As Law&Crime reported late last year, Owsley County Sheriff Brent Lynch was said to have been arrested by his own deputies after allegedly hitting a girl while serving as an assistant coach for Owsley County High School.
However, “several witnesses testified it did not happen,” Lynch’s lawyer told Law&Crime in a post-acquittal email.
The alleged assault occurred during an underlying fight on Dec. 3, 2021, at the Perry County Central High School, according to the Kentucky State Police.
The two oddly shaped counties in question — Perry and Owsley — barely share a few miles of border on their western and eastern sides, respectively. Both are close to two hours southeast of Lexington.
The mid-game melee was caught on video; however, as Law&Crime’s Colin Kalmbacher noted at the time, the recording was at relevant points “hectic, chaotic and difficult to decipher.”
Our original report explains:
In the footage, however, the fight is clearly precipitated by an on-court dispute over a loose ball situation and/or foul. Several members of each time quickly square up and devolve into a mass of squabbling individuals. Moments later, the man identified as Lynch comes running into the midst of the melee from off the court and jumps right in.
A few brief seconds that happened next were in dispute at a recent bench trial. Some reports suggested that the alleged contact was a punch; the Associated Press reported in January 2022 that Lynch was accused of “hitting” or having “struck” a girl while “trying to break up a fight.”
After the ruckus, Lynch reportedly took off through a gymnasium door, and state troopers said they were, as of the date of a Dec. 8 press release, still trying to locate him.
Lynch was charged with one count of fourth-degree assault, the state police indicated. The sheriff turned himself in after a warrant was issued; he was subsequently detained in the Three Forks Regional Jail in Lee County, Kentucky.
One player from each team — the Perry Central Lady Commodores and the Owsley County Lady Owls — was ejected from the contest, Perry County Schools Superintendent Jonathan Jett said in a statement.
Owsley County School District Superintendent Dr. Tim Bobrowski said one of his district’s assistant coaches was suspended for one game and that “both teams have suspended 4 student athletes for 2 games.”
Bobrowski cited the Kentucky High School Athletic Association as the source of the suspension orders, but the KHSAA said that wasn’t entirely true. A statement by the organization suggests its rules govern student conduct, not “adult conduct.”
In an email to Law&Crime, Kenneth A. Buckle, Lynch’s Hyden, Kentucky-based attorney, said that Perry District Court Special Judge Gary Salyers acquitted his client on Oct. 28 of this year.
According to Buckle’s email, Gwen Lawson alleged that Lynch punched her daughter. The genesis of the overall fight, according to Buckle’s retelling of Lawson’s allegation, was that Lynch’s daughter, who played for Owsley County, “got into an altercation” with Lawson’s child, a Perry County player who was on her home court. That alleged contretemps ended when “the defendant intervened and punched K.L. [Lawson’s child] in the face with his fist, causing physical injury to K.L.,” Buckle wrote, again citing not the facts but rather the accusations.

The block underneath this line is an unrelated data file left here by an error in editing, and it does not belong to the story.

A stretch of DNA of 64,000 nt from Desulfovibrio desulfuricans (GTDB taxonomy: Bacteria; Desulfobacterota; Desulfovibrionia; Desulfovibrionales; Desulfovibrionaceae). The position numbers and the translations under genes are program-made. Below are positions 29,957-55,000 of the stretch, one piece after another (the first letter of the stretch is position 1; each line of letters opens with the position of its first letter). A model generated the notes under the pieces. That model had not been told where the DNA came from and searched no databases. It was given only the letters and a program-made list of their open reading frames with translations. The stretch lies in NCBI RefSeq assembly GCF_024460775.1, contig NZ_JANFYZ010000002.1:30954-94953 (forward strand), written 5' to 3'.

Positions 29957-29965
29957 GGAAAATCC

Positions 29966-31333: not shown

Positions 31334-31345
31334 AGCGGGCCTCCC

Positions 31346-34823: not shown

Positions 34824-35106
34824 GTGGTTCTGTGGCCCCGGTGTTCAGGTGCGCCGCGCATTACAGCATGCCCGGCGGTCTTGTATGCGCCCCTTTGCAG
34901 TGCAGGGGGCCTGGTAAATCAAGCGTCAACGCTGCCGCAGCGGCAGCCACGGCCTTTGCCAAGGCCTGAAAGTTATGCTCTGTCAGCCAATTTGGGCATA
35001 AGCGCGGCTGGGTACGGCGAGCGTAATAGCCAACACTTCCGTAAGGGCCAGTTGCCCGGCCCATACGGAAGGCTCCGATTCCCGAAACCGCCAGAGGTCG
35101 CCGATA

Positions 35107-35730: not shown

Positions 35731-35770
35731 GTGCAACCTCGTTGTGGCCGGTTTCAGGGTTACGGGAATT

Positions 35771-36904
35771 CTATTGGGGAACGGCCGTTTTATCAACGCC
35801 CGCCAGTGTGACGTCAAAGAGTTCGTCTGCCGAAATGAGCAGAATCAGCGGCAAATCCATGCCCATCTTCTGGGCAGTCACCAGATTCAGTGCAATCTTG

Special Judge Salyers tried the case because Judge Cody Goehring recused “due to a conflict,” Buckle said.
“The only witnesses who testified the assault occurred were Gwen Lawson and her daughter, K.L.,” Buckle continued. “Despite the alleged assault occurring in a crowded high school gym with well more than one-hundred people in attendance, the prosecution could not produce any eyewitnesses who saw the alleged assault.”
“Numerous witnesses testified on behalf of Sheriff Lynch, including Perry Central staff, three referees, two police officers, and the head coach of the Owsley County girls’ basketball team, along with Sheriff Lynch himself,” Buckle went on. “All the witnesses could not corroborate the allegation of assault, and several witnesses testified it did not happen.”
The defense attorney said the judge “reviewed numerous videos of the incident and pictures of K.L.,” but those materials were apparently not persuasive.
Prosecutors have to prove criminal cases beyond a reasonable doubt, and here, Buckle suggested, there was plenty of doubt on the core facts of the matter.
“Sheriff Lynch is pleased to be absolved of any wrongdoing,” Buckle’s email concluded. “He has maintained his innocence throughout the entire case. The initial reporting of this case and the past eleven months have caused considerable pain for both he and his family. Sheriff Lynch also extends his appreciation and gratitude to the witnesses who came forward and testified on his behalf at trial.”
[image via Owsley County Sheriff’s Office]
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